“Utsu…means “depression” or “melancholy.” Tsubo…mean “urn.” …in addition to connotations of a hinter emptiness, the title strongly echoes nouns with a contrary impression of crude vitality… Utsubora is baffling yet familiar; negative yet animate; empty yet organic.” — the editor, Utsubora.
The word online is that Asumiko Nakamura’s Utsubora has had dismal pre-orders. First published in 2008-9 in the pages of Manga Erotics F, it has been released to a patter of enthusiastic notices (see reviews listed below) but little else. While eroticism might sound like a sure seller, this is less the case when it is sold under the guise of “literary” seriousness (the English language edition is by Vertical which does a lot of well-designed Tezuka). And there is certainly a vague kind of high-mindedness trying to crawl out of Nakamura’s manga which is ambiguously subtitled “The Story of a Novelist.”
In the opening pages, a pallid statuesque beauty jumps head first from a tall building leaving an unrecognizable mess on the pavement below. A famous novelist, Shun Mizorogi, is called in by the investigators to identify the body (thought to be that of Aki Fujino) a clearly impossible task since only her lower limbs are well preserved. As it happens, he is one of only two names on her phone contact list and hence a suspect. At the morgue, he meets the victim’s twin sister, a sphinx-like creature going by the name of Sakura Miki, a cipher who leaves a list of false contacts for the police but somehow clings to him in a symbiotic or perhaps parasitical relationship. He has been plagiarizing her sister’s (a budding authoress) manuscripts and becomes dependent on Miki for the remainder of his serialized novel which is also titled, Utsubora. The rest is a metaphorical ramble around questions of authorship and creation, played out in the mystery surrounding the lives of Aki and Miki.
One could be forgiven for assuming that the novelist of the subtitle (an editorial addition or in the original?) is the male protagonist whose fate structures the story, but Nakamura’s ambiguity is purposeful—that appellation refers not only to Mizorogi (the male author) but also the plagiarized suicidal authoress (Aki Fujino), and Nakamura herself. Aki and Miki are not so much characters but personifications of author and story. The “true” author of Utsubora is the woman (Aki) seen flinging herself head first to the sidewalk, a shadowy figure who is seemingly plain and unadorned but then transformed by means of surgery to the physical likeness of her friend and self-professed sister, Miki (the female protagonist of the tale).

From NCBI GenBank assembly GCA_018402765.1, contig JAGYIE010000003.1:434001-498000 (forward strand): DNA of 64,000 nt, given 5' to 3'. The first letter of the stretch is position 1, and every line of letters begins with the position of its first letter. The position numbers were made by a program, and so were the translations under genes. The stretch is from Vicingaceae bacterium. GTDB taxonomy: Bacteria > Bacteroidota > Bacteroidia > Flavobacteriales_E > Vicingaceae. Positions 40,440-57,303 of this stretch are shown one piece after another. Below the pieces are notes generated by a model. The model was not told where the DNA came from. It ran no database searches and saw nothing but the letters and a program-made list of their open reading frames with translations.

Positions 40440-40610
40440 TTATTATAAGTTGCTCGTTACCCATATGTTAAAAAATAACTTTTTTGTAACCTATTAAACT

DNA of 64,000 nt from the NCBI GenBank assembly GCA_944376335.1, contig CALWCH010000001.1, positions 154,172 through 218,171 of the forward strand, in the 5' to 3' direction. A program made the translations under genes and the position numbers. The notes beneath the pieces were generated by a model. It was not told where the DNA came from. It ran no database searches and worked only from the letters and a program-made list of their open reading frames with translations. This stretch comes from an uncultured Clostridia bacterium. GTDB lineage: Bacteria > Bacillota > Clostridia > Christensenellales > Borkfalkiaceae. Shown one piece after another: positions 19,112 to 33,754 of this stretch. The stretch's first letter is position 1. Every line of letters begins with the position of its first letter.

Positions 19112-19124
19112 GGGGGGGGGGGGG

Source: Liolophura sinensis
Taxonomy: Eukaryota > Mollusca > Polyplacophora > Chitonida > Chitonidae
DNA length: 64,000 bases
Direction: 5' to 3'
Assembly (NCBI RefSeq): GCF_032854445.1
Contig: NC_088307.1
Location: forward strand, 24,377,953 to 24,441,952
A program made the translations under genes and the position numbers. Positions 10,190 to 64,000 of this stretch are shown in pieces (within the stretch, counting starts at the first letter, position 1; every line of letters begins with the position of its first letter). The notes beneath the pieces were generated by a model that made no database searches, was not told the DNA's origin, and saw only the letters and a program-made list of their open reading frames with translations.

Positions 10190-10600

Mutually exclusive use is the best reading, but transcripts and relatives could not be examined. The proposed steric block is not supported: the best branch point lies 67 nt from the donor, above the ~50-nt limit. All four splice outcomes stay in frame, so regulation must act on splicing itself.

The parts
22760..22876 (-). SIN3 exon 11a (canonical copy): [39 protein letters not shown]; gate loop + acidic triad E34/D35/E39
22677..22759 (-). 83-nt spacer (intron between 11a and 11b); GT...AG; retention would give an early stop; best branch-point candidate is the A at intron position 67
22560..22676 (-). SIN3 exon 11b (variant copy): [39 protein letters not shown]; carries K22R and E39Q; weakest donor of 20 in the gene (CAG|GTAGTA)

This plastic surgery has less to do with soap opera conceits than the way an authoress’ appearance and personality is transformed ( in the imagination of her readers; and personally and insidiously) into something else—a physical likeness of similar, angelic temperament; mysteriously distant yet welcomingly sexual; a hidden, mythic, and unaging figure. A vision of how personal experience when turned to fiction can lead to the molding of the writer herself. We can detect a plot of similar temperament in Roman Polanski’s The Tenant where the actor-director becomes the object and victim of his fears in a movie of his own conception. In the structure and premonitions of Utsubora, we can see an echo of the fatalism of Nicolas Roeg’s Don’t Look Now—Donald Sutherland’s almost authorial paranoia in that film being the impetus of the plot and entire movie. It is this mixture of grief, writerly fixation, and eroticism which creates that tinge of horror in Nakamura’s manga.